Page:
The Conservation Commission is planning to move ahead with its removal order of the Sconset Beach Preservation Fund’s geotube project, leaving the question of when—and how—the 950-foot erosion-control project is removed solely in the hands of the seven-member commission.
“When these geotubes are removed, those structures (at the top of the bluff on Baxter Road) will be in danger of potentially having erosion occur on the bluff undermining their houses because they’re so close to the edge of the bluff today, and we need to understand what the impacts of removal would be on those structures,” Mark Haley, a consultant with the SBPF engineering consultant Haley Aldrich, told the commission at its meeting on Thursday.
Haley presented the ConCom with three options for removing the geotube project: removing sand from within the tubes by cutting them in long sections parallel to the bluff, removing sand through smaller chunks perpendicular to the bluff, or cutting the top of the tubes and allowing nature to slowly release the sand over time.
The commission did not vote on any of the three options, but will have the opportunity to do so at its February 16 meeting.
The commission also voted unanimously to accept the SBPF’s request to withdraw its joint notice of intent with the Select Board to extend the geotubes along the base of the bluff, following the Select Board’s decision on Wednesday to withdraw the proposal, and SBPF president Josh Posner’s monumental announcement earlier this week to step away from the $10-million-plus project, a decision that left the future of its years-long battle to protect Sconset Bluff uncertain.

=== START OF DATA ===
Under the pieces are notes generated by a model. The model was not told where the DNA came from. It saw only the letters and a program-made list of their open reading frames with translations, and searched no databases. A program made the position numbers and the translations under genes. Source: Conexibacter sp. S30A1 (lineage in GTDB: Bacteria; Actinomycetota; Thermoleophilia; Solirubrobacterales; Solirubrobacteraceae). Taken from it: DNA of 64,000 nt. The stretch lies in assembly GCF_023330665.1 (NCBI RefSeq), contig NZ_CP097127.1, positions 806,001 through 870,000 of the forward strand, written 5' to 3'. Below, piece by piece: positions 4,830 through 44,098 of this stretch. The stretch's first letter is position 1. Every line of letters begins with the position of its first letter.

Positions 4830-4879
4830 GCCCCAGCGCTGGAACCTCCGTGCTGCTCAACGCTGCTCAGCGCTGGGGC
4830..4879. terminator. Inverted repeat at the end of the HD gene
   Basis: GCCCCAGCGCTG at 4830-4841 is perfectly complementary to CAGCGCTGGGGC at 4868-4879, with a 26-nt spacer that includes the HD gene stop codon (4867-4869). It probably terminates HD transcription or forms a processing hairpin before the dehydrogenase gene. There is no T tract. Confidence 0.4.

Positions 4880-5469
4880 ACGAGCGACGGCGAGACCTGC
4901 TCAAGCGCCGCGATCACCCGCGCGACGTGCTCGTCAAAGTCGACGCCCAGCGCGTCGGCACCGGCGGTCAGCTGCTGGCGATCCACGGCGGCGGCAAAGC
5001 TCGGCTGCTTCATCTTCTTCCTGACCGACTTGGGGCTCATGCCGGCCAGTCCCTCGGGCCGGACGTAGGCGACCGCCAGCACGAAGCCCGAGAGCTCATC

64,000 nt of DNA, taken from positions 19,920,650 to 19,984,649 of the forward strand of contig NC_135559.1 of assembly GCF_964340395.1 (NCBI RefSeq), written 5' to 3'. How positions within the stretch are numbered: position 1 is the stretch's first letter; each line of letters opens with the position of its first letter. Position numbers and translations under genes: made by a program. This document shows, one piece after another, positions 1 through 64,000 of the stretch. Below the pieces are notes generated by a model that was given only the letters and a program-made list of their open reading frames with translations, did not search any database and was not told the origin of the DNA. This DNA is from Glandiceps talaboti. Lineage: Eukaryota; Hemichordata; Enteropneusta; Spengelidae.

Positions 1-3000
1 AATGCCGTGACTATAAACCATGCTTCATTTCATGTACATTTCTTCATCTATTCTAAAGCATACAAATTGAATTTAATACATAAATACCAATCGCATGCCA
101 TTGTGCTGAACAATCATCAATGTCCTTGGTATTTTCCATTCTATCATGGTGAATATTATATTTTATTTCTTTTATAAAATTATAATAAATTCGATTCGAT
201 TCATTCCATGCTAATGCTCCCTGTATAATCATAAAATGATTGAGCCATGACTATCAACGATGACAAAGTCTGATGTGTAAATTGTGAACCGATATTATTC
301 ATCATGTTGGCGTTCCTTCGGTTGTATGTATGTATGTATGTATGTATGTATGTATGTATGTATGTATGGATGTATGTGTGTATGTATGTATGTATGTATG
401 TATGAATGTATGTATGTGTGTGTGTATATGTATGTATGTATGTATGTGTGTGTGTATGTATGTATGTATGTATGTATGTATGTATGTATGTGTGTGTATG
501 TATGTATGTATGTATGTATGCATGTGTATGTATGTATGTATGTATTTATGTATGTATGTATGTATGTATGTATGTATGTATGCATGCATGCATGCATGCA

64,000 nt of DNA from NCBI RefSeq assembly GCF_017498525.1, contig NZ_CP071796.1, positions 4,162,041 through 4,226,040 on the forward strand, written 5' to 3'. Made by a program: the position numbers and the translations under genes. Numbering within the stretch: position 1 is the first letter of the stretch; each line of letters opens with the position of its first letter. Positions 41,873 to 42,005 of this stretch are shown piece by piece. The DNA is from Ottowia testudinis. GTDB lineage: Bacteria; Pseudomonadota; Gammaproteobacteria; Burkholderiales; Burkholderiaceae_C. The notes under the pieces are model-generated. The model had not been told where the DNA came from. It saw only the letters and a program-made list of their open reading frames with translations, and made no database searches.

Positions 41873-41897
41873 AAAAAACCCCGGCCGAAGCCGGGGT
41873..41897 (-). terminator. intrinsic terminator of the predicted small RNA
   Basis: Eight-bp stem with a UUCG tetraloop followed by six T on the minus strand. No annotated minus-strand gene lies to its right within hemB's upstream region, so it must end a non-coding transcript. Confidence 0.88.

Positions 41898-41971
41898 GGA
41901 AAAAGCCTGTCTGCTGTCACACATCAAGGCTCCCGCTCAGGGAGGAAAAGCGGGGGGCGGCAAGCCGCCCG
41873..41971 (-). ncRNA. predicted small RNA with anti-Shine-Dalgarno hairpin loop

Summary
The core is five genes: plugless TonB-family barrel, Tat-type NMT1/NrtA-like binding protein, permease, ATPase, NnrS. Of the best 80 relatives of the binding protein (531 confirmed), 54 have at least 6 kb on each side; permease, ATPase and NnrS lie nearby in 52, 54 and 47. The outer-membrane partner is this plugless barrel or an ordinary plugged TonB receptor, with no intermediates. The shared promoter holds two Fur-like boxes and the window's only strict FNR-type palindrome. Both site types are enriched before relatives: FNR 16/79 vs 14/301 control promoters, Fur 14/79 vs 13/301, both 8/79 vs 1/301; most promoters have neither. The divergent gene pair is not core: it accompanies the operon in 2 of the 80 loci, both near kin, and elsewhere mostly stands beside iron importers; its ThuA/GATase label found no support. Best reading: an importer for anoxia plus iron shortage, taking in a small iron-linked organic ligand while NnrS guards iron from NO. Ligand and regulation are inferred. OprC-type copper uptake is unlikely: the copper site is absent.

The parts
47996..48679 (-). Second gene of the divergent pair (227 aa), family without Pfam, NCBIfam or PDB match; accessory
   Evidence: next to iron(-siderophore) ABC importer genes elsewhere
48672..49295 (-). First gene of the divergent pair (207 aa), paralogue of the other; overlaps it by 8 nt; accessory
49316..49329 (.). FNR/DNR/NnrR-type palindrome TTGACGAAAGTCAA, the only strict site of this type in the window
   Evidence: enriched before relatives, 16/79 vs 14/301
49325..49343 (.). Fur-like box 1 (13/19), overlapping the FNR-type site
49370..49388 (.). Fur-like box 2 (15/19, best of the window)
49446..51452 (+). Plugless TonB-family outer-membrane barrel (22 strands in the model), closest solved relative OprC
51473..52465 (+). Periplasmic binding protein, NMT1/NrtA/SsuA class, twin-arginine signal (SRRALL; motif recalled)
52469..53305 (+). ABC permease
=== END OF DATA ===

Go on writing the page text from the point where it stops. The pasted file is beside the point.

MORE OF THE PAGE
“(The geotubes) didn’t make (the houses) perched on the top of the bluff any safer or less safe so I would say it’s as precarious as it was beforehand, and those (home) owners should be assessing their property regardless of the geotubes down below,” ConCom chair Ashley Erisman said.
The commission had ordered the SBPF to remove the geotube in September 2021, finding the organization had failed to meet a series of conditions in its permit, including a provision requiring it to pour roughly 22,000 cubic yards of sand per linear foot of the bluff. The SBPF appealed the decision, but lost its appeal in September when a Nantucket Superior Court judge upheld the commission’s decision.
The SBPF had also been working with town officials on the notice of intent to extend the geotubes since November, when it unveiled a joint notice of intent for a phased installation designed to protect a longer stretch of Baxter Road, primarily south of the existing geotube.
In a letter to town manager Libby Gibson and Select Board chair Jason Bridges on Monday, however, Posner said the SBPF has “become convinced that a majority of the (Conservation) Commission will not support the notice of intent or any other reasonable alternative to demanding removal of the geotubes.”
“Our disappointment is particularly deep because we have successfully demonstrated (through years of hard work and study) an environmentally and economically sound method of protecting these assets and homes for decades into the future,” Posner wrote in the letter.
Town officials, meanwhile, have also been working on a separate plan to relocate Baxter Road itself away from the eroding bluff. The town’s third-party consultant, Arcadis, last year recommended the geotubes remain in place until the town has shovel-ready plans to move the road.
Speaking at the meeting on Thursday, commission vice-chair Ian Golding suggested several alternative proposals to stabilize the bluff, including a “modified design” to introduce more sand during nor’easters. Next steps could also involve a follow-up meeting with the Select Board, town natural resources director Jeff Carlson said on Thursday.